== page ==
We have all read over the last twenty years that the coastal elites don't care about "flyover country," sometimes even including the native sons and daughters who went on to big things in New York or Silicon Valley, or even their elected representatives in DC, who went native in Emerald City and never looked back. It is a familiar theme in American literature for generations, including one from rural NH, The Old Homestead. It is familiar long before that, in the Greek theater and Roman republic. The boy heads for the bright lights of Broadway and not only forgets how to shoe a horse, but no longer thinks it's important. He loses his homespun values.
I remember hearing something similar in the late 90s and early 2000s when I became interested in Romania and Eastern Europe in general, and started following international affairs on the internet for about a decade. The accusation was frequently made that Americans didn't know anything about geography and other places of the world, all of which glowered resentfully because they sure knew a lot about us, but we paid no attention. The ignorance of Americans about the rest of the world, in contrast to their enlightened world-knowledge was regarded as a given then, and I think that persists. As proof, they point out that Americans can't find Iraq and Afghanistan on a map, despite fighting wars there. Someplace along the line I decided that this is just plain inaccurate. Does Slovakia know much about Ecuador? Can Vietnamese students find Moldova on a map? Japanese artists know about New York (and Vancouver). Do they know anything about Butte or Sherbrooke, QC? Those places have lots of kids that know about them. Size and cultural/economic importance matter.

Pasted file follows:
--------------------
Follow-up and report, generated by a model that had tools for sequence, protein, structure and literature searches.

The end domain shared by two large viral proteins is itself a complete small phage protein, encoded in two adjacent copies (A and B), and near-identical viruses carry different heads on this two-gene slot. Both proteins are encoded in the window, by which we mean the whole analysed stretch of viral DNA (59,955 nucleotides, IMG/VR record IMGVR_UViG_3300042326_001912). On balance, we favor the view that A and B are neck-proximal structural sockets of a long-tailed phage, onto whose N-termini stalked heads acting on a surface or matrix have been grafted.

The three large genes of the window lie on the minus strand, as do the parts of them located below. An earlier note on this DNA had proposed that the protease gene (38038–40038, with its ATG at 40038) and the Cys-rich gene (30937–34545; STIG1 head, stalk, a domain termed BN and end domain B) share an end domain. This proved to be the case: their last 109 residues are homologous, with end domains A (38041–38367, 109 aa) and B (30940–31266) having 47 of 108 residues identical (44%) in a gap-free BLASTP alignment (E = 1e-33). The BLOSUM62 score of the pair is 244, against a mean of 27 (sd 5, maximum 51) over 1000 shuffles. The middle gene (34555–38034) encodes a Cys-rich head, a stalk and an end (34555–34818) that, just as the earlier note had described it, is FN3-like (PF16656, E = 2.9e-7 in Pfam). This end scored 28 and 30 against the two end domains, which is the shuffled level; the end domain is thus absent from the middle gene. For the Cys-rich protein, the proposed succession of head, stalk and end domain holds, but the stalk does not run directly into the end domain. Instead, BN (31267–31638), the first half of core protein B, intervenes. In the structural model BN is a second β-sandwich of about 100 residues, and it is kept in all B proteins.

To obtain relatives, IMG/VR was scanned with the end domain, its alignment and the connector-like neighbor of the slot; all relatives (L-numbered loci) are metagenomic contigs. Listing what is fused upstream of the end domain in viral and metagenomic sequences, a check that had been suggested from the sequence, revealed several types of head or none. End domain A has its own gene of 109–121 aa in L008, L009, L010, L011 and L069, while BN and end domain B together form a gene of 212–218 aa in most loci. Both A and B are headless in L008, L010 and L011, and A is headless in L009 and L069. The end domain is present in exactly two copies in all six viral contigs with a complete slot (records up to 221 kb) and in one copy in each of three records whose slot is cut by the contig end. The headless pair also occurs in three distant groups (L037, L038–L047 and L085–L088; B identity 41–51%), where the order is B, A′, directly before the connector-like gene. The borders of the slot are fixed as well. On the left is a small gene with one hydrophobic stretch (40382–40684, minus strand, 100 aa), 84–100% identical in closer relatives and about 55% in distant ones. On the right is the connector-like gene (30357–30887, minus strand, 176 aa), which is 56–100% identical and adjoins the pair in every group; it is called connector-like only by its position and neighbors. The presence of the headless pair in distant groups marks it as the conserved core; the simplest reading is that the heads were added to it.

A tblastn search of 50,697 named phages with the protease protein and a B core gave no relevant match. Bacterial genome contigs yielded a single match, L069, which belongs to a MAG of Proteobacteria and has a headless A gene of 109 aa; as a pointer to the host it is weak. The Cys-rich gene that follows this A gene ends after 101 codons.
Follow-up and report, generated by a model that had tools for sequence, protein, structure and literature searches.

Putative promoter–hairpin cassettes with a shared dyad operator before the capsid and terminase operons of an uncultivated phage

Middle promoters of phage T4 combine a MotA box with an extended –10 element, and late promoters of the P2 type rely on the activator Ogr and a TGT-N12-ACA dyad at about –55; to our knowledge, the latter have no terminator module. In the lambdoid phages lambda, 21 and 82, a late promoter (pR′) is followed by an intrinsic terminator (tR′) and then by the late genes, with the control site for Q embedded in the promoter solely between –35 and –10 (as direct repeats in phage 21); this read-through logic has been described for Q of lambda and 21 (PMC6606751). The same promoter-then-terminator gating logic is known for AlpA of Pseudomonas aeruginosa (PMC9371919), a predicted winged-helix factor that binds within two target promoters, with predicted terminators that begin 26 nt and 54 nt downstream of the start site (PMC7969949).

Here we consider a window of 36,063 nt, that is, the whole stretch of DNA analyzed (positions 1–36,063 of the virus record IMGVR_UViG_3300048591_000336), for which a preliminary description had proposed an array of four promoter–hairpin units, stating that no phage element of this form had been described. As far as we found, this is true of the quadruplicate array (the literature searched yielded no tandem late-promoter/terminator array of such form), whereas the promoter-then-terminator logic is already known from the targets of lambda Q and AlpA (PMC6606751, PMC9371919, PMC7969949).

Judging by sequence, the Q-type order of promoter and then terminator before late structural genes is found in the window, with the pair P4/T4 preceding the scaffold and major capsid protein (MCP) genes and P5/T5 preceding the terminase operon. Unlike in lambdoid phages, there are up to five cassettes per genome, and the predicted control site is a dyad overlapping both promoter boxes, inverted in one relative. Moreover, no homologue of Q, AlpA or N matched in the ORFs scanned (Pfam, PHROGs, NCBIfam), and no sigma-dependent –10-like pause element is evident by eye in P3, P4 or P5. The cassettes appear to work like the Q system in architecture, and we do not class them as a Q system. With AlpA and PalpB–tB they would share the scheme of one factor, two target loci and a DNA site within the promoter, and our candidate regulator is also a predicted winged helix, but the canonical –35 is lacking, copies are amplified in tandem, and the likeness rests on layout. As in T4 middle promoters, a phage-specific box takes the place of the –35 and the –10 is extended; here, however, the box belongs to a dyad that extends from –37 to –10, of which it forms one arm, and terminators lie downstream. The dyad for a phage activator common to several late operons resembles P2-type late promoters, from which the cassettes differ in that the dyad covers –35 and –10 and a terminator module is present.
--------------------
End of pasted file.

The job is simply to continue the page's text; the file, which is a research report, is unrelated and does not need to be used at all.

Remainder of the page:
I have discovered that it is much the same in flyover country from observing comments and behavior during C19. South Carolina does not much care about Montana does not notice New Mexico could not care less about Indiana. People care a bit about Texas and Florida, but those loom large in both population and popular culture. Oklahoma and Georgia, though right next door to those, can go pound sand for all the NYT or LATimes is concerned, unless there is an opportunity to kick them for supposed ignorance and backwardness.
There was a mass murder in Nova Scotia in the last couple of months, and it has both a CoVid economic loss and gun control angle, but I haven't seen anything about it here, nor heard of it even from friends with strong connections to the Maritimes. 22 people dead. We don't care.
We can deplore those elitists in the cities whose blinkered perspective was so elegantly captured in the New Yorker cover years ago, but we do exactly the same thing.
I care a little what happens in Maine or Massachusetts because I have a few friends there, but I don't much care what happens in VT, CT, or RI, even though they are part of New England, which is the region I am supposed to be attentive to. I care about New Hampshire. Not even all of that, frankly, though I can manage it with a little effort, town by town.
This is going to play out powerfully over the next few months as a steady (though hopefully decreasing) stream of people keep dying, but hey, we don't living in Arizona, so it's like no real dead people. Flyover cares about NYC because it's big and the numbers are big. It is also culturally large in the history of America so we pay attention, love it or hate it. It was interesting this time in that there seems to be a marginal decrease in the amount of caring about NYC and a marginal increase in the resentment of it, so a few New Yorkers were furious at this attitude from Flyover, East Dakota.
The resentment gets magnified when the stranger seems to have excessive power. The Moldovans don't care about the Guatemalans, and vice versa, but there's no resentment. Bankers in Chisinau (*) don't effect mortgages in Guatemala City.
New York is another matter. And wrt schools--remember when California and Texas determined pretty much everything in the English textbooks?
(*)Yes, I had to look that up.
I used to live on that top line of yellow, but now am slightly inland.
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